A key part of sales leadership is ensuring that employees feel they’re highly valued, can be successful in their roles, and can grow their careers. This is true regardless of where in a company you work. For sales leaders, it’s easy to get very focused on the near term — what's happening this month, this quarter — without thinking about the long term, which is all about development of your people.
Remember that sales is a people business. Just as customer success can drive great outcomes for your company, so can the success of each individual in your sales organization. You need to make him or her feel like a part of the company, and part of the culture. This is one of the things I enjoy most as a sales leader. It’s how you build loyalty and longevity into your team, and ultimately scale your business.
Growth without an eye to retaining your talent is very difficult. Say you look at your head-count growth plans and you have to add 25% more people this year, but aren’t keeping the team you have. Instead of adding 25% new hires, if you’re losing employees, the gross number you need to add might be closer to 40–45%. That’s a hard way to build a company over the long term, and it’s extremely inefficient if you are spending all your time hiring and training new hires.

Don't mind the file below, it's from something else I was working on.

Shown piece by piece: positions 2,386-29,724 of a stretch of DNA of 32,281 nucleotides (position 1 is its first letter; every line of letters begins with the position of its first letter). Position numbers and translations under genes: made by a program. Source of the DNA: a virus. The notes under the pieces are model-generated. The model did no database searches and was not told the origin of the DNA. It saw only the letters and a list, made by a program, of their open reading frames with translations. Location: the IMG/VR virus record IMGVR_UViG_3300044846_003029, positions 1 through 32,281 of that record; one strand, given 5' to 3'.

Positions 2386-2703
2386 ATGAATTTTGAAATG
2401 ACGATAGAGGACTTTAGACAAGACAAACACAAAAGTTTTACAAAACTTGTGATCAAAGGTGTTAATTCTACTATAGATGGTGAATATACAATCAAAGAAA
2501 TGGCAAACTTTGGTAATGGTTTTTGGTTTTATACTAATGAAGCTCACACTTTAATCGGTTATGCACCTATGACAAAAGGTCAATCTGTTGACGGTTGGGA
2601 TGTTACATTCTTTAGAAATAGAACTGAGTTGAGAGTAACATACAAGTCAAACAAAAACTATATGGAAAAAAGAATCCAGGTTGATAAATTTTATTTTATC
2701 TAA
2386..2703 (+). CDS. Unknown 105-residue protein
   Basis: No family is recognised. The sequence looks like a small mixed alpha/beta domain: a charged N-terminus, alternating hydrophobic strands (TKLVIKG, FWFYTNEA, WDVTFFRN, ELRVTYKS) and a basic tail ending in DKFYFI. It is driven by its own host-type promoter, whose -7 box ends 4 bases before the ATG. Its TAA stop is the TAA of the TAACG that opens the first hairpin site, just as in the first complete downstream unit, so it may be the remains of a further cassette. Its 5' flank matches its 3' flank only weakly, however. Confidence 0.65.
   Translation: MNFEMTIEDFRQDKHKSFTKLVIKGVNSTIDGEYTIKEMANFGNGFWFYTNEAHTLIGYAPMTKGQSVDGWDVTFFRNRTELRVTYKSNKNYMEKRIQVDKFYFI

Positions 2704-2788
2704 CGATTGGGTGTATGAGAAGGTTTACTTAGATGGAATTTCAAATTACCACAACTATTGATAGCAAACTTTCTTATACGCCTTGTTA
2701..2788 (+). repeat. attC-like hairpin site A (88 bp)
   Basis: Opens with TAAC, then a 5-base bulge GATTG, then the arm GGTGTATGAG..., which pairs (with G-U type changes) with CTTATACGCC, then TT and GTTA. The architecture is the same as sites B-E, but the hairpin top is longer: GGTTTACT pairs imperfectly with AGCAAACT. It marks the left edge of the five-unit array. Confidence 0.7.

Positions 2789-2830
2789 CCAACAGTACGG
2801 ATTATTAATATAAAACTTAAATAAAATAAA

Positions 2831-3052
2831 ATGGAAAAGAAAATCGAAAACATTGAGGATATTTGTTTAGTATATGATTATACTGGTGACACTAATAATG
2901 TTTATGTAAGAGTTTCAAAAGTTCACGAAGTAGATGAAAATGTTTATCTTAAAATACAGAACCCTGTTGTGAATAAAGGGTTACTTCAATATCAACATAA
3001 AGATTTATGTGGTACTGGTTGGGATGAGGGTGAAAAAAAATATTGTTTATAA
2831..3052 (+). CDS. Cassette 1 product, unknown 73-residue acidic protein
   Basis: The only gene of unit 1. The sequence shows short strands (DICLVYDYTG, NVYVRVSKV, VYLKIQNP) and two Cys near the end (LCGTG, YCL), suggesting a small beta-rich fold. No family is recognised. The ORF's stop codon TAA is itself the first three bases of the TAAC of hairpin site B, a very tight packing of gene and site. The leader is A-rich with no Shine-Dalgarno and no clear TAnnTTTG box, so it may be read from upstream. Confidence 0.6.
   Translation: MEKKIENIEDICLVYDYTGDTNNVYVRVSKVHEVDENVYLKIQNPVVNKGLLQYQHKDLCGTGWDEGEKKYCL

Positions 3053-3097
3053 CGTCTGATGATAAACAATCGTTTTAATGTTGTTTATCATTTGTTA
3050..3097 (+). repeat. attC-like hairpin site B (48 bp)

If you’re hiring great people and retaining them, that’s a testament to whether or not you’re doing right by them. Early on at Salesforce, specifically in 2000 and 2001, there was a downturn in the economy and the technology industry was especially hard-hit. While some of our team left and went to different industries, there are still a lot of employees with the company today who stayed through that time because they believed in what we were building, the values we stood for, and the culture of the company.